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The New York Times | What You Needed to Know About the Ebola Outbreak

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Posted August 11, 2014 by Ugandan Diaspora News Team in Health ~ 2,073 views

     

ebola

How many people have been infected?

More than 1,700 people in Guinea, Liberia and Sierra Leone have contracted Ebola since March, according to the World Health Organization, making this the biggest outbreak on record. More than half of those infected have died. Nigeria also reported 13 cases and two deaths. Two American aid workers infected with Ebola while working in West Africa were transported to a containment unit in Atlanta for treatment.

What Are the Chances of Getting Ebola in the United States?

Two American aid workers infected with the Ebola virus while working in West Africa are being treated at a hospital in Atlanta, in a containment unit for patients with dangerous infectious diseases. But the risk that anyone will contract Ebola in the United States is extremely small, experts say.

Doctors across the country are being reminded to ask for the travel history of anybody who comes in with a fever. Patients who have been to West Africa are being screened and tested if there seems to be a chance they have been exposed. Heightened concern about the virus led to alarms being raised at three hospitals in New York City. But no Ebola cases have turned up. If someone were to bring the virus to the United States, standard procedures for infection control are likely to contain it.

It helps that Ebola does not spread nearly as easily as Hollywood movies about contagious diseases might suggest. In 2008, a patient who had contracted Marburg – a virus much like Ebola – in Uganda was treated at a hospital in the United States and could have exposed more than 200 people to the disease before anyone would have known what she had. Yet no one became sick.

How does this compare to past outbreaks?

It is the deadliest, eclipsing an outbreak in 1976, the year the virus was discovered.How contagious is the virus?
You are not likely to catch Ebola just by being in proximity with someone who has the virus; it is not airborne, like the flu or respiratory viruses such as SARS.

Instead, Ebola spreads through direct contact with bodily fluids. If an infected person’s blood or vomit gets in another person’s eyes, nose or mouth, the infection may be transmitted. In the current outbreak, most new cases are occurring among people who have been taking care of sick relatives or who have prepared an infected body for burial.

Health care workers are at high risk, especially if they have not been properly equipped with or trained to use and decontaminate protective gear correctly.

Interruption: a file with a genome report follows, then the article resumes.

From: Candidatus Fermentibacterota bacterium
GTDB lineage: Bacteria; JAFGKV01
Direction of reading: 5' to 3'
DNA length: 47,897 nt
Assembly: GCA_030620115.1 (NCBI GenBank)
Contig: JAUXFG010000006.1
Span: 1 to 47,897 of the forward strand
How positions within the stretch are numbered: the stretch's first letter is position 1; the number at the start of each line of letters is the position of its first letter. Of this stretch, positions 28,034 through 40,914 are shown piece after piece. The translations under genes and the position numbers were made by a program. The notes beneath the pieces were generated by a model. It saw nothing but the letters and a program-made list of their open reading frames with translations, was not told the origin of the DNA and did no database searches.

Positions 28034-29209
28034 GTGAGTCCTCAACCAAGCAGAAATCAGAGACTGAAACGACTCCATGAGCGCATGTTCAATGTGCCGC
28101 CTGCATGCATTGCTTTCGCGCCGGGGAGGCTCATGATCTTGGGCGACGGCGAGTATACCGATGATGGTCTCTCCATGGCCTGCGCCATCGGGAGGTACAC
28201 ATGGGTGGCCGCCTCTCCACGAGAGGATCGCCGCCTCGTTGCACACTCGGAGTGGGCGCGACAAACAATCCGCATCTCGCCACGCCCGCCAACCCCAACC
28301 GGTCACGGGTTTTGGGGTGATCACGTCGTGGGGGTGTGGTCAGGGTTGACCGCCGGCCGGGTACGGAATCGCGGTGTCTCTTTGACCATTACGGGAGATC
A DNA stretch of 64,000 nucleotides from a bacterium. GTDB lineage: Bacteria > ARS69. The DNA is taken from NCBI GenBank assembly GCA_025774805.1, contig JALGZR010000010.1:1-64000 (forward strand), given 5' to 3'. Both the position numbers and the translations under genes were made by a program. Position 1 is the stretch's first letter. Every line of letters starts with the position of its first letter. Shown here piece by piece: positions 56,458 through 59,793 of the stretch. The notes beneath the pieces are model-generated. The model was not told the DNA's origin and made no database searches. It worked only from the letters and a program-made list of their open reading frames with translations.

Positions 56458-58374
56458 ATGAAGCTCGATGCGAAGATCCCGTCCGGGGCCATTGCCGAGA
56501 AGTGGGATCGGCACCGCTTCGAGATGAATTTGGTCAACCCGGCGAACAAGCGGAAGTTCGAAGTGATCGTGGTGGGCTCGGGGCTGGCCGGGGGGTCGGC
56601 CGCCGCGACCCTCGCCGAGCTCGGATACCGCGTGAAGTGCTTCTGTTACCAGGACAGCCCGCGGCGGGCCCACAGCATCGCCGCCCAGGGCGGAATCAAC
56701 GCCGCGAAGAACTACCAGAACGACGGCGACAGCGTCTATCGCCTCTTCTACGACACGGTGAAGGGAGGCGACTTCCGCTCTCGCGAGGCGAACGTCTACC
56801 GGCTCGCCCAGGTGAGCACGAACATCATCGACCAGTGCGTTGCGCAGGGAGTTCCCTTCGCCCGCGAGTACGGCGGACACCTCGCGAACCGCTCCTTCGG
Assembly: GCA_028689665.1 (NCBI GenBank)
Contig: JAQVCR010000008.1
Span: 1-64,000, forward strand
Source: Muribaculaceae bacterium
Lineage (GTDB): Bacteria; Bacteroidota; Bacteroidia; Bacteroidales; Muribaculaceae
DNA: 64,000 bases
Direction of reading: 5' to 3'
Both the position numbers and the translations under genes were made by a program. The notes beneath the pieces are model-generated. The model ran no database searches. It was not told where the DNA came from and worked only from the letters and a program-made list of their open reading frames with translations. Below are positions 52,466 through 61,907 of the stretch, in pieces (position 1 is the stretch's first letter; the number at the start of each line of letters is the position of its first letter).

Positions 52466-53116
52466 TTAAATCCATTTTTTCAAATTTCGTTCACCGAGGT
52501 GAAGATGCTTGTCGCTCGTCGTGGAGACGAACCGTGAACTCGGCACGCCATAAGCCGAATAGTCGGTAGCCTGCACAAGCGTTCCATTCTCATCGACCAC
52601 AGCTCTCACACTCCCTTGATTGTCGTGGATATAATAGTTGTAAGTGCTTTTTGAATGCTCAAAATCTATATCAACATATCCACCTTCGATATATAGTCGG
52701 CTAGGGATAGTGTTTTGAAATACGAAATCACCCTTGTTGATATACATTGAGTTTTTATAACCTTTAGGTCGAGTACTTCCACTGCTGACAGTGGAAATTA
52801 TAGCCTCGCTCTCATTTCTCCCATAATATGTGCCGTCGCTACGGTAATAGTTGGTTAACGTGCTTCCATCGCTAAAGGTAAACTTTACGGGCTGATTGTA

The virus can survive on surfaces, so any object contaminated with bodily fluids, like a latex glove or a hypodermic needle, may spread the disease.

Why is Ebola so difficult to contain?

In some parts of West Africa, there is a belief that simply saying “Ebola” aloud makes the disease appear. Such beliefs create major obstacles for physicians from groups like Doctors Without Borders, which are trying to combat the outbreak. Some people even blame physicians for the spread of the virus, and turn to witch doctors for treatment. Their skepticism is not without a grain of truth: In past outbreaks, hospital staff who did not take thorough precautions became unwitting travel agents for the How does the disease progress?
Symptoms usually appear about eight to 10 days after exposure, according to the Centers for Disease Control and Prevention. At first, it seems much like the flu: a headache, fever and aches and pains. Sometimes there is also a rash. Diarrhea and vomiting follow.

Then, in about half of the cases, Ebola takes a severe turn, causing victims to hemorrhage. They may vomit blood or pass it in urine, or bleed under the skin or from their eyes or mouths. But bleeding is not usually what kills the patient. Rather, blood vessels deep in the body begin leaking fluid, causing blood pressure to plummet so low that the heart, kidneys, liver and other organs begin to fail.

How is the disease treated?

There is no vaccine or cure for Ebola, and in past outbreaks the virus has been fatal in 60 to 90 percent of cases. All physicians can do is try to nurse people through the illness, using fluids and medicines to maintain blood pressure, and treat other infections that often strike their weakened bodies. A small percentage of people appear to have an immunity to the Ebola virus.

Where does the disease come from?

Ebola was first discovered in 1976, and it was once thought to originate in gorillas, because human outbreaks began after people ate gorilla meat. But scientists have since ruled out that theory, partly because apes that become infected are even more likely to die than humans.

Scientists now believe that bats are the natural reservoir for the virus, and that apes and humans catch it from eating food that bats have drooled or defecated on, or by coming in contact with surfaces covered in infected bat droppings and then touching their eyes or mouths.

The current outbreak seems to have started in a village near Guéckédou, Guinea, where bat hunting is common, according to Doctors Without Borders.


About the Author

Ugandan Diaspora News Team

Ugandan Diaspora News Online is an independent, non political news portal primarily aimed at serving Ugandans who work and reside outside Uganda. Our aim is to be a one stop shop for everything Ugandan and the celebration of our Ugandan heritage.

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